Hungarian Conservative

The Spirit of ’56

The Declaration of Independence by John Trumbull (1819)
Wikimedia Commons
‘This 4th of July, my own country’s independence day, Americans can look with solidarity to the struggles of Hungary and of all democracies against the many faces of tyranny in these last few centuries.’

Recently, I had the opportunity to visit Hungary’s national gallery in the former palace complex of Buda Castle. The imposing Baroque exterior stood tall as a marvel from another era, and mounted guards in traditional uniforms stood watch at the gates as though the royals themselves had come home. The pieces inside were striking both in their craftsmanship and in the range of styles represented across several centuries. It was well worth the price of admission. Still, the art is not what struck me most that day; neither were the guards or impressive architecture. What stood out to me most was a small café bar in the palace courtyard. There was nothing intrinsically special about it, just gallery-goers and other patrons enjoying a cool drink on a hot summer’s day. Nothing about the small establishment, little more than a counter and backdrop, was out of the ordinary. It was the very fact of it that made it stick out.

I was reminded of a quote by, of all people, German political theorist Friedrich Engels, that I had come across while researching the Revolutions of 1848, which Hungary was part of. As democratic and liberal forces swept Europe, he wrote to extol what he saw as a bourgeois precursor to the eventual rise of the proletariat, ‘Fight on bravely then, gentlemen of capital!…You must draw from our path the relics of the Middle Ages and absolute monarchy…You shall dictate laws, you shall bask in the sun of your own majesty, you shall banquet in the royal halls and woo the king’s daughter.’[1] Of course, Engels then wrote that in spite of these victories, the bourgeois reign would come to its own violent end by the proletariat’s hand. However, it was the violent proletarian revolution that finally came to an end in Hungary with the fall of communism in 1989 amid another wave of liberal revolutions. Still, the fact remains that royal halls across Europe lay dormant, now public displays of grandeur and excess that seem out of place in the modern world. Citizens, not royal subjects, dine in the halls of kings and walk their gardens.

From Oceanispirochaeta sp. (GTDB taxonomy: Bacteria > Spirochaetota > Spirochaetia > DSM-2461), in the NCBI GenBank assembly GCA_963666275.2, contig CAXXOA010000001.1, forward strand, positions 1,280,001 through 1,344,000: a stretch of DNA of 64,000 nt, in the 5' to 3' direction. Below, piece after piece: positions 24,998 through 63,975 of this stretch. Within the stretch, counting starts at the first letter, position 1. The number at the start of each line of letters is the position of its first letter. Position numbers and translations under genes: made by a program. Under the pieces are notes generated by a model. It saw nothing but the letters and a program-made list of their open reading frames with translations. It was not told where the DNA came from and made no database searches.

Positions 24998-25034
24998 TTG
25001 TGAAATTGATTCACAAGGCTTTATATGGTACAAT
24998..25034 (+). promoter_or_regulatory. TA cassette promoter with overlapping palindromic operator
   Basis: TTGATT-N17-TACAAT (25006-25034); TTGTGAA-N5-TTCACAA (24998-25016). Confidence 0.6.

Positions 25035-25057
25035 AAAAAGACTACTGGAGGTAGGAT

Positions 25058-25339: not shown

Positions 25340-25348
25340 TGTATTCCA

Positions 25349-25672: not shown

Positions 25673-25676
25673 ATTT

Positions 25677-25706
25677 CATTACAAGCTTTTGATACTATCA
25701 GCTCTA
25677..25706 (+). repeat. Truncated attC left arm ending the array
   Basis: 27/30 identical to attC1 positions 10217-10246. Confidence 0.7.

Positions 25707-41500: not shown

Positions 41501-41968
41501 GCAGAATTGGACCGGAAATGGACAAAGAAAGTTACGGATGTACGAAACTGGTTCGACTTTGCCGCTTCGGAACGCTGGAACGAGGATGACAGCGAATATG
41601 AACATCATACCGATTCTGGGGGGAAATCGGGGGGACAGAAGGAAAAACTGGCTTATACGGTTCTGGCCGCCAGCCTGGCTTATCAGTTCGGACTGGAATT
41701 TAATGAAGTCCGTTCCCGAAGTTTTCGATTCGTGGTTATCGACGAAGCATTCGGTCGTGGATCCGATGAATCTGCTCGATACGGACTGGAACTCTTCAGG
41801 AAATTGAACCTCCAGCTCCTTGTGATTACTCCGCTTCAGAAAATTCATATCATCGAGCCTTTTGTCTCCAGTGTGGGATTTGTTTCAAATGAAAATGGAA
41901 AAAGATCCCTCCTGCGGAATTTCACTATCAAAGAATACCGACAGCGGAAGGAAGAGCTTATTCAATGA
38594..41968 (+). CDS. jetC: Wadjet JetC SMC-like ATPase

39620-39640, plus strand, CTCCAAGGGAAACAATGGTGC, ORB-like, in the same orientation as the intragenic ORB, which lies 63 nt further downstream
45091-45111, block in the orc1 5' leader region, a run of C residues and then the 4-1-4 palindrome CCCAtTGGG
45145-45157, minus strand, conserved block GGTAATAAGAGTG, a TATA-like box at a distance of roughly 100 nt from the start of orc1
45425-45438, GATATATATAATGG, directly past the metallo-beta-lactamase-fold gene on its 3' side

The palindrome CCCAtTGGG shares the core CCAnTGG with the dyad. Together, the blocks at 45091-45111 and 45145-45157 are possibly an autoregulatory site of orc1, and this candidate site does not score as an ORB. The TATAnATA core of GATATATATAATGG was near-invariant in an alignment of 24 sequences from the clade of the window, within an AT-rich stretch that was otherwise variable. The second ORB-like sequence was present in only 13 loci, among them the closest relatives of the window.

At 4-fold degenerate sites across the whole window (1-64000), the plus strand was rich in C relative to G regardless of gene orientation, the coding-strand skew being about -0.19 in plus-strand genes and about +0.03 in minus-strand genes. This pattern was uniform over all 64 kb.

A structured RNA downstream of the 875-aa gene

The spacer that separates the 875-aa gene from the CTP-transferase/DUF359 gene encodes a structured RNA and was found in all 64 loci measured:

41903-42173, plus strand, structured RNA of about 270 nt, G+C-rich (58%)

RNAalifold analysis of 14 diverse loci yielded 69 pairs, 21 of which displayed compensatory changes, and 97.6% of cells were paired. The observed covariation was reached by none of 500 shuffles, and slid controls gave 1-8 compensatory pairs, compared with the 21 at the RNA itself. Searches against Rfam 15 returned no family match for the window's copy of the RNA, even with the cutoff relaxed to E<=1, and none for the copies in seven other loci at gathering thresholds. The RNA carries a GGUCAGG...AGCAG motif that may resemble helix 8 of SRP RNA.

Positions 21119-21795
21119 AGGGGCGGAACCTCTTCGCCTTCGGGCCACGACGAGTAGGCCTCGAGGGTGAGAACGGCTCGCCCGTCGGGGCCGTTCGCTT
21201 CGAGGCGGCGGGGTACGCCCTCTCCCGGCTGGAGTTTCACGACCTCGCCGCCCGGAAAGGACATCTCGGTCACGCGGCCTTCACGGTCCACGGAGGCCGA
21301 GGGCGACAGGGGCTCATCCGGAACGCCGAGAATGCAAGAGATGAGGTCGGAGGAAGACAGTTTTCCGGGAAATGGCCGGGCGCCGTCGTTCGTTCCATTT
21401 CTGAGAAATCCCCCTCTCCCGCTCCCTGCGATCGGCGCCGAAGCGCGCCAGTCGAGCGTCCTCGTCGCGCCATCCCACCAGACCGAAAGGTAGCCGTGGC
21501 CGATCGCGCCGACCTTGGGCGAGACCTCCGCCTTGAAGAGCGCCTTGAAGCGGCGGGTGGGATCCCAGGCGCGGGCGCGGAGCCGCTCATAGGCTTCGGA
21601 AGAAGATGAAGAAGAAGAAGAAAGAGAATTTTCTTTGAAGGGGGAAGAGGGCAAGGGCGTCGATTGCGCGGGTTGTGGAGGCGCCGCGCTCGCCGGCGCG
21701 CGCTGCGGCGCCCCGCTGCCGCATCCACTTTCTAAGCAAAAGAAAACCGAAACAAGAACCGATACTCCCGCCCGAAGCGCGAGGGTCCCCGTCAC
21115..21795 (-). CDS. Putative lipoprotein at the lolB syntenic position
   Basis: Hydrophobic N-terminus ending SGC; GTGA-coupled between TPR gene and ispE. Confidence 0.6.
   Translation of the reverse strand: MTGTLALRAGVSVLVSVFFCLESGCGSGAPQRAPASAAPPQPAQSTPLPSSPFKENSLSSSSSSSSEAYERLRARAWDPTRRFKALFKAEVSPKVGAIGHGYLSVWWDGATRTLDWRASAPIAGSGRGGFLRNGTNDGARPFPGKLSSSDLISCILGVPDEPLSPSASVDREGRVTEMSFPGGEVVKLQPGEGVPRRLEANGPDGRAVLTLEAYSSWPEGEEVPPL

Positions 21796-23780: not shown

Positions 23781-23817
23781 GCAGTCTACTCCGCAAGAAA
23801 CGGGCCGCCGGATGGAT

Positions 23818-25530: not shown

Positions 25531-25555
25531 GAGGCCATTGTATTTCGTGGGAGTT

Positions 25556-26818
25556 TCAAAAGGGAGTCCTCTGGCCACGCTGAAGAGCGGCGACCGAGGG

It’s fitting that so many works of art in the gallery, and so much of Hungary’s recent history, looks back to the failed revolution of 1848. I distinctly remember an 1850 painting by Ferenc Ujházy called Bewailing Soldier, depicting a uniformed man mourning by the graves of his fallen comrades, the Hungarian tricolor draped beside him. A monument to the governor-president and first cabinet of revolutionary Hungary adorns the square outside the parliament building.